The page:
Bertram Pincus is a man whose people skills leave much to be desired. When Pincus dies unexpectedly, but is miraculously revived after seven minutes, he wakes up to discover that he now has the annoying ability to see ghosts.
Andy Millman (Ricky Gervais) is an actor with ambition and a script. Reduced to working as an extra with a useless agent, Andy's attempts to boost his career invariably end in failure and embarrassment.
It's a world where everyone tells the truth - and just about anything they're thinking. Mark Bellison is a screenwriter, about to be fired. He's short and chunky with a flat nose - a genetic setup that means he won't get to first base with Anna, the woman he loves. At a bank, on the spur of the moment he blurts out a fib, with eye-popping results. Then, when his mother's on her deathbed, frightened of the eternal void awaiting her, Mark invents fiction. The hospital staff overhear his description of Heaven, believe every word, and tell others. Soon Mark is a prophet, his first inventive screenplay makes him rich, and he's basically a good guy. But will that be enough for Anna?Written by
When Greg and Mark are being pulled over by the motorcycle cop, the rearward shot clearly shows that they are on a 4 lane street with buildings on each side, and he stops in the left lane near the center line. But in the remainder of the scene they are stopped in the right lane of a long bridge.
Also, the lights on the police motorcycle are still flashing as the officer walks up to confront the driver of the car. Later in the scene, the lights on the motorcycle are not on anymore. See more »
Testing. Testing. Testing over the credits. The credits that no one cares about.
[under his breathe]
"Ooh, we're the business people. Ooh, we want our credit before the film starts, 'cause..."
Anyway. The story you're about to see takes place in a world where the human race has never evolved the ability to tell a lie. This is a typical town in that world. As you can see, people have jobs and cars and houses and families, but everyone tells the absolute truth. There's no ...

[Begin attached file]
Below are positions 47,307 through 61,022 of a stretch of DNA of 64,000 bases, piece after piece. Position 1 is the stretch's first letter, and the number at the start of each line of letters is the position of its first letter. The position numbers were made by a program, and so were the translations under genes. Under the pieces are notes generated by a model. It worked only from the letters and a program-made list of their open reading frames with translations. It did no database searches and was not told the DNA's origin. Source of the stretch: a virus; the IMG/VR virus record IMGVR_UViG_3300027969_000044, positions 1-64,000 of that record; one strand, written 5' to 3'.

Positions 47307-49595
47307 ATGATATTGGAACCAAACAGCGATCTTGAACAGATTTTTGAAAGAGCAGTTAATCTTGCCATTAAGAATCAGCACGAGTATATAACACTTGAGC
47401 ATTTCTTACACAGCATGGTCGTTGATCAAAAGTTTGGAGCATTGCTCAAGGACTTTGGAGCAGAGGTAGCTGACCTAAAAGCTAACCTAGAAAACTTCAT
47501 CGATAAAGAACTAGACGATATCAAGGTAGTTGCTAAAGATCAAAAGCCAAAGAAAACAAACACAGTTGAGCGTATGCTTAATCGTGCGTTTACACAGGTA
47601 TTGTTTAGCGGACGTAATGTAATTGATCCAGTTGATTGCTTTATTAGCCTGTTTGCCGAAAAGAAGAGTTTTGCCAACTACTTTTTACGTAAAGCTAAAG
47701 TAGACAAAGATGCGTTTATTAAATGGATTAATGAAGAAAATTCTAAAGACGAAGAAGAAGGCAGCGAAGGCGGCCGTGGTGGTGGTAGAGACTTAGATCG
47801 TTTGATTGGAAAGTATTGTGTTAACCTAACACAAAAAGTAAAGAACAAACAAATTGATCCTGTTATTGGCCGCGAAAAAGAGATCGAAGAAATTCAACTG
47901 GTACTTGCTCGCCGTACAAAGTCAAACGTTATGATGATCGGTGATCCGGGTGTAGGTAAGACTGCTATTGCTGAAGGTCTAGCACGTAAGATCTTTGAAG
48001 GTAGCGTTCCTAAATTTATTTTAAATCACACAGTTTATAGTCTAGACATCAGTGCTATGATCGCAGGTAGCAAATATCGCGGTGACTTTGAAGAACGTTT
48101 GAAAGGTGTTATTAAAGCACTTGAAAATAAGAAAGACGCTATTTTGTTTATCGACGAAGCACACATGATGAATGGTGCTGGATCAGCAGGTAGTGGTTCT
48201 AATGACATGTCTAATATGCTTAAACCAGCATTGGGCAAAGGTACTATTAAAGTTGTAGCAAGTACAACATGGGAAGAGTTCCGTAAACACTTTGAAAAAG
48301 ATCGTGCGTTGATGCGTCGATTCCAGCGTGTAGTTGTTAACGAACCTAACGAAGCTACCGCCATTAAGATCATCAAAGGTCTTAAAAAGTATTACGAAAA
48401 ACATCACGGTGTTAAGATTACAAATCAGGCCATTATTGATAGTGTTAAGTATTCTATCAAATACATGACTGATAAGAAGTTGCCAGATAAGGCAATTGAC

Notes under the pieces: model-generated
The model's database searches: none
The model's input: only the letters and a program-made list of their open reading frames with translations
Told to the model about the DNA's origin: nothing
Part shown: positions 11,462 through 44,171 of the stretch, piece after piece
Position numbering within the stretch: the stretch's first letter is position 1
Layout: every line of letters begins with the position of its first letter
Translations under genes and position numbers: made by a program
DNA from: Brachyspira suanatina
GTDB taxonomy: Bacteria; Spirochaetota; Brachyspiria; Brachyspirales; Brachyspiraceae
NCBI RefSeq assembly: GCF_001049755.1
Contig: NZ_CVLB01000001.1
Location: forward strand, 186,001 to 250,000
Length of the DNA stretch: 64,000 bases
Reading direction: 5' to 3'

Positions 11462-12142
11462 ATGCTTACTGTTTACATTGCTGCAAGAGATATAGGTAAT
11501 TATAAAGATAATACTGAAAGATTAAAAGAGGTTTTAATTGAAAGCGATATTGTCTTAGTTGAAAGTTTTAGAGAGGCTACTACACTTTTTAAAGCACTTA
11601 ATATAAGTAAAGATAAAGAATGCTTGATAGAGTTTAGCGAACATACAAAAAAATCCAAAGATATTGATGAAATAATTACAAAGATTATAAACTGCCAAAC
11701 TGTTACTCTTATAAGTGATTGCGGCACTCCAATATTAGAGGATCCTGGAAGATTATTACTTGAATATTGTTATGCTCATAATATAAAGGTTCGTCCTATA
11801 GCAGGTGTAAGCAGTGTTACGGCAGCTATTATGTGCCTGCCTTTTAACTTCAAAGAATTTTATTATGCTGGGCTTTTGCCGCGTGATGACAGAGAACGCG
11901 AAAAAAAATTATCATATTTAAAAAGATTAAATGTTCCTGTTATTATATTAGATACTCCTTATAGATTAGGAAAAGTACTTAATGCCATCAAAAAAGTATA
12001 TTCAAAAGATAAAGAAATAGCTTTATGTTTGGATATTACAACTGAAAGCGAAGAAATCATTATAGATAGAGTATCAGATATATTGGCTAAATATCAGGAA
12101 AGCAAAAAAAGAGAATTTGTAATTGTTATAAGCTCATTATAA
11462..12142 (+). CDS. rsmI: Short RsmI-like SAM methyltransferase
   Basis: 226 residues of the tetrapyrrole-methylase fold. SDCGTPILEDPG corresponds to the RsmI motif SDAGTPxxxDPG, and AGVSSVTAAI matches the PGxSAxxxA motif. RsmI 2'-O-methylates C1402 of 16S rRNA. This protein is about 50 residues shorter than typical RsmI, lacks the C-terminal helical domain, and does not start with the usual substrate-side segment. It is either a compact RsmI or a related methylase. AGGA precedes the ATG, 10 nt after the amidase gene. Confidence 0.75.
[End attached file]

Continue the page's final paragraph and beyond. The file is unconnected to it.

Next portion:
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"The Invention of Lying" begins with a series of truths, which in our world today nobody says because, well, we can lie, but in this world nobody can. It's funny in a very basic way, and it gets old quick. But then, Ricky Gervais discovers how to lie.
Along with Gervais, we learn a lot about society, and we see all the inherent humour. This humour actually has a fair number of levels to it. On one level, humanity is very base, but the great thing about lying is that we actually get to a level where we can find the good in people. This movie is for everybody who has ever been called short, fat or ugly, and for all those people who see that it's always the good looking people who get everything they want in the world. But Gervais is now here to stand up for us, and just let us laugh.
"The Invention of Lying" is filled with one-liners, intelligent wit and the ultimate truth to our world. It's also filled with many recognizable actors, all there to make the movie shinier and brighter. Jennifer Garner at one point tells our hero, "I like the way you see the world." Well, so do I, Mr. Gervais, so do I.
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